The Trump administration’s principal response to North Korea, intentional or not, is sowing confusion. One day the president threatens “fire and fury,” or ominously announces that an “armada” led by an aircraft carrier is headed for the Korean coast; the next, he is contradicted by a Pentagon spokesperson or a White House political adviser, who says the United States would not initiate hostilities, or that there is no military option, or that the aircraft carrier is actually headed in the opposite direction.
The United States is “seeing our pathway to sometime in the near future having some dialogue” with the regime of Kim Jong Un, says Secretary of State Rex Tillerson. No, “talking is not the answer,” tweets President Trump a week later. But wait: “We’re never out of diplomatic solutions,” says Defense Secretary Jim Mattis later that day.
Perhaps Kim and his cronies have been confounded; certainly, U.S. allies Japan and South Korea have been. But it doesn’t look like it. While the rhetoric flies in Washington, Pyongyang persistently and craftily pursues its drive to acquire nuclear-armed ICBMs while stopping just short of provocations that might demand some kind of U.S. military response.
If an actual U.S. policy lurks beneath all that noise, it’s a lot like that pursued by the Obama administration. Ramp up pressure on the regime, through sanctions and by pressuring China; try to disrupt nuclear and missile activities with covert actions. Meanwhile, wait for a diplomatic opening. It’s the obvious game plan and probably better than nothing.
Yet, as the experts keep pointing out, it has almost no chance of working. The North Korean regime has shown that it can endure almost any sanctions. In the 1990s, it willingly allowed millions of its own people to starve to death. As for negotiations, Kim’s father twice agreed to the dismantlement of his nuclear program, and each time was caught cheating. His son has shown no interest in talks — he won’t even set foot in China, his biggest patron. Even if negotiations took place, the current regime has made clear that “it will never place its self-defensive nuclear deterrence on the negotiating table,” as one envoy recently put it.
The deal that some doves favor is a freeze on the current North Korean nuclear stockpile and missiles in exchange for a suspension of U.S. military exercises in South Korea. That would introduce a lethal crack in the U.S. alliance with Seoul, and in the U.S. standing in Asia generally — which is why China and Russia love the idea.
All of which raises the question of why the only thing Trump, his Cabinet and his staff appear to agree on when it comes to North Korea is this: The United States will offer no challenge to the legitimacy of a regime that holds hundreds of thousands of political prisoners in slave labor camps; imprisons and tortures children; exports chemical agents to Syria; and assassinates its opponents in other countries using those banned weapons.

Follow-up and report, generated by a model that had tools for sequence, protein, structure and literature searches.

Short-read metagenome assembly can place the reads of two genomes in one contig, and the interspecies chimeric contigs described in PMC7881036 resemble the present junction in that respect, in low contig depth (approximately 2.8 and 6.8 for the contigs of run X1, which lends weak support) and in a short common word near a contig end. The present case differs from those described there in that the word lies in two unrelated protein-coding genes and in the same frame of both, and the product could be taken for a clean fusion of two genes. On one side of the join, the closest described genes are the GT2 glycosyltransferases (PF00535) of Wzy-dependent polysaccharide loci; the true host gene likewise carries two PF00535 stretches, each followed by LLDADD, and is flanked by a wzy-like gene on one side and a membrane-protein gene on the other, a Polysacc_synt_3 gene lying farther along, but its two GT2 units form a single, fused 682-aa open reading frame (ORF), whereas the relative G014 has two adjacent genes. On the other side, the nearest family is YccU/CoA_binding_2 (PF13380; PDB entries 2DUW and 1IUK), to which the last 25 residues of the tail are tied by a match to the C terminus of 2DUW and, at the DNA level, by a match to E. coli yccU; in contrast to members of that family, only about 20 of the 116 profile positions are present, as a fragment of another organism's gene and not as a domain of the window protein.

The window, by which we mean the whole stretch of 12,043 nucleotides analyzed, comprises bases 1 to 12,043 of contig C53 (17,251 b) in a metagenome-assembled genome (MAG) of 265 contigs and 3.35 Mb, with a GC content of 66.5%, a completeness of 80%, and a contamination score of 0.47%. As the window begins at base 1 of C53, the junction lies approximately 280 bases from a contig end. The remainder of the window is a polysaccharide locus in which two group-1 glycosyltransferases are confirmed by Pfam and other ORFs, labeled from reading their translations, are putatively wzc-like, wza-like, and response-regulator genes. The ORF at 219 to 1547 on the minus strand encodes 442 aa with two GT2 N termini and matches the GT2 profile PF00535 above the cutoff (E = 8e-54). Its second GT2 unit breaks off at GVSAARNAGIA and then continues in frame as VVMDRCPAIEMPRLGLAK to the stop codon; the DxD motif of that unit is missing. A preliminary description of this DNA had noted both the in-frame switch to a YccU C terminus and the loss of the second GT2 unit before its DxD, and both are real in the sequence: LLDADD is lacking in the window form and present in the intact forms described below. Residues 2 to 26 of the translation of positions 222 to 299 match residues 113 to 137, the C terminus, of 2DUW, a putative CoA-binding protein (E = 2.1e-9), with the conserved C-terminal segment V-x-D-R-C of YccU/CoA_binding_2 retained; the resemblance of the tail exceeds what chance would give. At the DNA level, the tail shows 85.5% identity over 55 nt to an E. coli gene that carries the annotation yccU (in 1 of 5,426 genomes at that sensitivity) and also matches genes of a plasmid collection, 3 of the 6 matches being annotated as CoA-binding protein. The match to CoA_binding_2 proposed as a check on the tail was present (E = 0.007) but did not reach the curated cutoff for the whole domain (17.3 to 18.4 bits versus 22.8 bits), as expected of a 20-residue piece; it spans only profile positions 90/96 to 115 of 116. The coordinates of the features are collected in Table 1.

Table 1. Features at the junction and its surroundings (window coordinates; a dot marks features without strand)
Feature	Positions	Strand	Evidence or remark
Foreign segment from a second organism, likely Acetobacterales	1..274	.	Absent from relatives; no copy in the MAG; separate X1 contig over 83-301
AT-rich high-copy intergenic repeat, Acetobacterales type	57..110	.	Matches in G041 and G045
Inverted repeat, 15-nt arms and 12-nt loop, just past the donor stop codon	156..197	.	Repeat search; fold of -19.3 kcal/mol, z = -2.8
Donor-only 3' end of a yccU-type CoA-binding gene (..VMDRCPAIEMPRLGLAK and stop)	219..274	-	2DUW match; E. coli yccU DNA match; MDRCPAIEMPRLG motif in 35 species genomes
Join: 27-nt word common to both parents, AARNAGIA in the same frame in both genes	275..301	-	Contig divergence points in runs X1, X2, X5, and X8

“The U.S. has no interest in regime change or accelerated reunification of Korea,” wrote Tillerson and Mattis in a recent joint op-ed. But why? Regime change is the only way to definitively end the North Korean nuclear threat. As former State Department human rights chief Tom Malinowski has argued, “Political change in Pyongyang and the reunification of Korea, as hard as it may be to imagine, is actually much more likely than the denuclearization of the present regime.”
The United States can’t force a political opening in Pyongyang; probably even China can’t. But it can foster conditions for one, just as it did in other seemingly impenetrable places, such as the former Soviet bloc. The same tactics are available: campaigning for the human rights of North Koreans, drawing maximum attention to the regime’s crimes and opening channels of information for ordinary people in North Korea.
During the 1980s the U.S. government supported groups that distributed videotapes and underground newspapers in communist countries, in addition to broadcasting news and information. The Obama administration did the same in North Korea, but on a tiny scale: The State Department set aside just $3 million for it last year, according to Malinowski.
Trump’s budget request did not include any funding at all, and Tillerson just went so far as to eliminate the State Department’s special envoy for North Korean human rights as a separate position. He and Trump appear to be betting that offering endorsement to one of the world’s most vile regimes will prompt it to stop threatening the United States with nuclear attack. In so doing, they are giving up what is probably their most potent leverage.
The truth is that the internal crimes of the regime and the external threat it poses are inextricable — something that could be overlooked only by an administration dedicated to obtuseness on human rights.